Medford Historical Society Papers, Volume 16., Distinguished guests and residents of Medford. (search)
ultural Society. The writer remembers his dignified manner as she sat opposite him at a banquet of the society. Harriet Martineau, the English writer, came to this country in 1835, remaining two years. She was a guest in the home of Rev. Caleb or low lying Pasture Hill above, there must have been much pleasant conversation on subjects of common interest, for Miss Martineau's brother was a celebrated Unitarian divine. A relative of the Stetsons says, There floats in my mind a dim tradition of Miss Lucy Osgood having made a tea party for Miss Martineau at that time, borrowing my aunt's guest knives and forks, as extras were needed, but not inviting her. I doubt if any ladies were present but the two sisters and Miss Martineau; they Miss Martineau; they found manly-scholarly conversation much more to their liking than the usual feminine-domestic. Yet no one relished a spicy bit of gossip, not unfriendly, more than they, but it must be the spice, not the substance, of life. John Quincy Adams visi
Harriet Martineau and the Tariff. --Harriet Martineau thus writes to the National Abolition Standard, of the Morrill tariff: "Since I wrote my last, the general feeling in England and, I believe, in most others, has gone round — if not in favor of the South, at least far away from the North." She argues and explains thiHarriet Martineau thus writes to the National Abolition Standard, of the Morrill tariff: "Since I wrote my last, the general feeling in England and, I believe, in most others, has gone round — if not in favor of the South, at least far away from the North." She argues and explains this at length, but we have no room at present for her letter. This testimony from Harriet Martineau is strong and decisive, and is confirmed by all authentic reports that have reached us. nd and, I believe, in most others, has gone round — if not in favor of the South, at least far away from the North." She argues and explains this at length, but we have no room at present for her letter. This testimony from Harriet Martineau is strong and decisive, and is confirmed by all authentic reports that have reached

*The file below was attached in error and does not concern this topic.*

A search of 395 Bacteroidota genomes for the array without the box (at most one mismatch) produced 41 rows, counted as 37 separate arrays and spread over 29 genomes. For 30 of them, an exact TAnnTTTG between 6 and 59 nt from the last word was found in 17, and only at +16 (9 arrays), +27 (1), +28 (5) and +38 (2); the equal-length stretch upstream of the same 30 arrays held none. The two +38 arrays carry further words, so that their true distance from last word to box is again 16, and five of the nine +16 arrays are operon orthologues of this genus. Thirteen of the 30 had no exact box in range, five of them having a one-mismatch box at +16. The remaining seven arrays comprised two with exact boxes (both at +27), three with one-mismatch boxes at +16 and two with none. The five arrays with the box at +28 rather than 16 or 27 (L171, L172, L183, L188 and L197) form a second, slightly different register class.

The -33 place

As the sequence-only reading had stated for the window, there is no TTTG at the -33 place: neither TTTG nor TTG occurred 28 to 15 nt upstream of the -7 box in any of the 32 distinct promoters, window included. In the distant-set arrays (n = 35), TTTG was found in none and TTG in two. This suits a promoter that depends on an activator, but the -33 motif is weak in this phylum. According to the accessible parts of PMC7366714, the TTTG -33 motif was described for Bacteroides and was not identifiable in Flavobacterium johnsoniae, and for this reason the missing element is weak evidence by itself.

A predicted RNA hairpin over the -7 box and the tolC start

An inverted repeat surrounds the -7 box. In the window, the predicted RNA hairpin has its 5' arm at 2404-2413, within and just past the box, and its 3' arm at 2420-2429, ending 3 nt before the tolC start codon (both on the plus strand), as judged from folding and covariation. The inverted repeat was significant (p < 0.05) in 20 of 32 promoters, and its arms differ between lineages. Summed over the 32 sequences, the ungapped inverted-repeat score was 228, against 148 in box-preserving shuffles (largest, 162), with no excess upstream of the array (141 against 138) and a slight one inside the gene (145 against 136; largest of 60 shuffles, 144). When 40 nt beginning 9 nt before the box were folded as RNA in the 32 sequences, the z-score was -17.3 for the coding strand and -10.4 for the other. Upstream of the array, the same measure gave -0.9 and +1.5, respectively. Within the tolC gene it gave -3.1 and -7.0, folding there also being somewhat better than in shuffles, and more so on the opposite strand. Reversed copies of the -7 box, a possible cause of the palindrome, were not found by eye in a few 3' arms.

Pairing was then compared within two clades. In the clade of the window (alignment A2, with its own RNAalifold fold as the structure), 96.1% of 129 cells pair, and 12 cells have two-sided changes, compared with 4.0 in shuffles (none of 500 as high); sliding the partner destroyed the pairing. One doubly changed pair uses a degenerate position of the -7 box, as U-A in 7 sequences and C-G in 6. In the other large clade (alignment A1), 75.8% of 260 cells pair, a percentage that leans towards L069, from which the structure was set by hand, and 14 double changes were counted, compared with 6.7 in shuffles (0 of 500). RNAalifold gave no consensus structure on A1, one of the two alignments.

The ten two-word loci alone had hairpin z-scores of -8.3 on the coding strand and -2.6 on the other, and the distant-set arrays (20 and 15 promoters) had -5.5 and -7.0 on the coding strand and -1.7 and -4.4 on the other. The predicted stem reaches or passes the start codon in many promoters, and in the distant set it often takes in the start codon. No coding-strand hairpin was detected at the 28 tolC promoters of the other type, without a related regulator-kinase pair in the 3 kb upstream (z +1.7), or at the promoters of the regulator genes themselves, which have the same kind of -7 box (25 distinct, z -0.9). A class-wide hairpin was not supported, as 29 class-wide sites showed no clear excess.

t he had said without directly accusing Lord Melbourne of falsehood. "My noble friend, " he remarked, "though but a novice "in office, made the denial with a glibness and "readiness that might have done honor to the "moderate habits of official assertion, only acquired by those who are born at Whitehall "and bred in Downing street." The element of unexpectedness in though and statement has been regarded a considerable charm of invective. It has been observed that the best criticism on Harriet Martineau's atheistical book is the remark of a London wit, who was asked what was the doctrine which it inculcated. He replied: "The doctrine seems to be this: there is no God, and Harriet is his prophet." The following example is given of a peculiar kind of invective by epigram, which springs directly from personal character. Sidney Smith once justified an assault on a man of moderate abilities, whose purposes he considered as mischievous as they were well meant. "I do not attack him,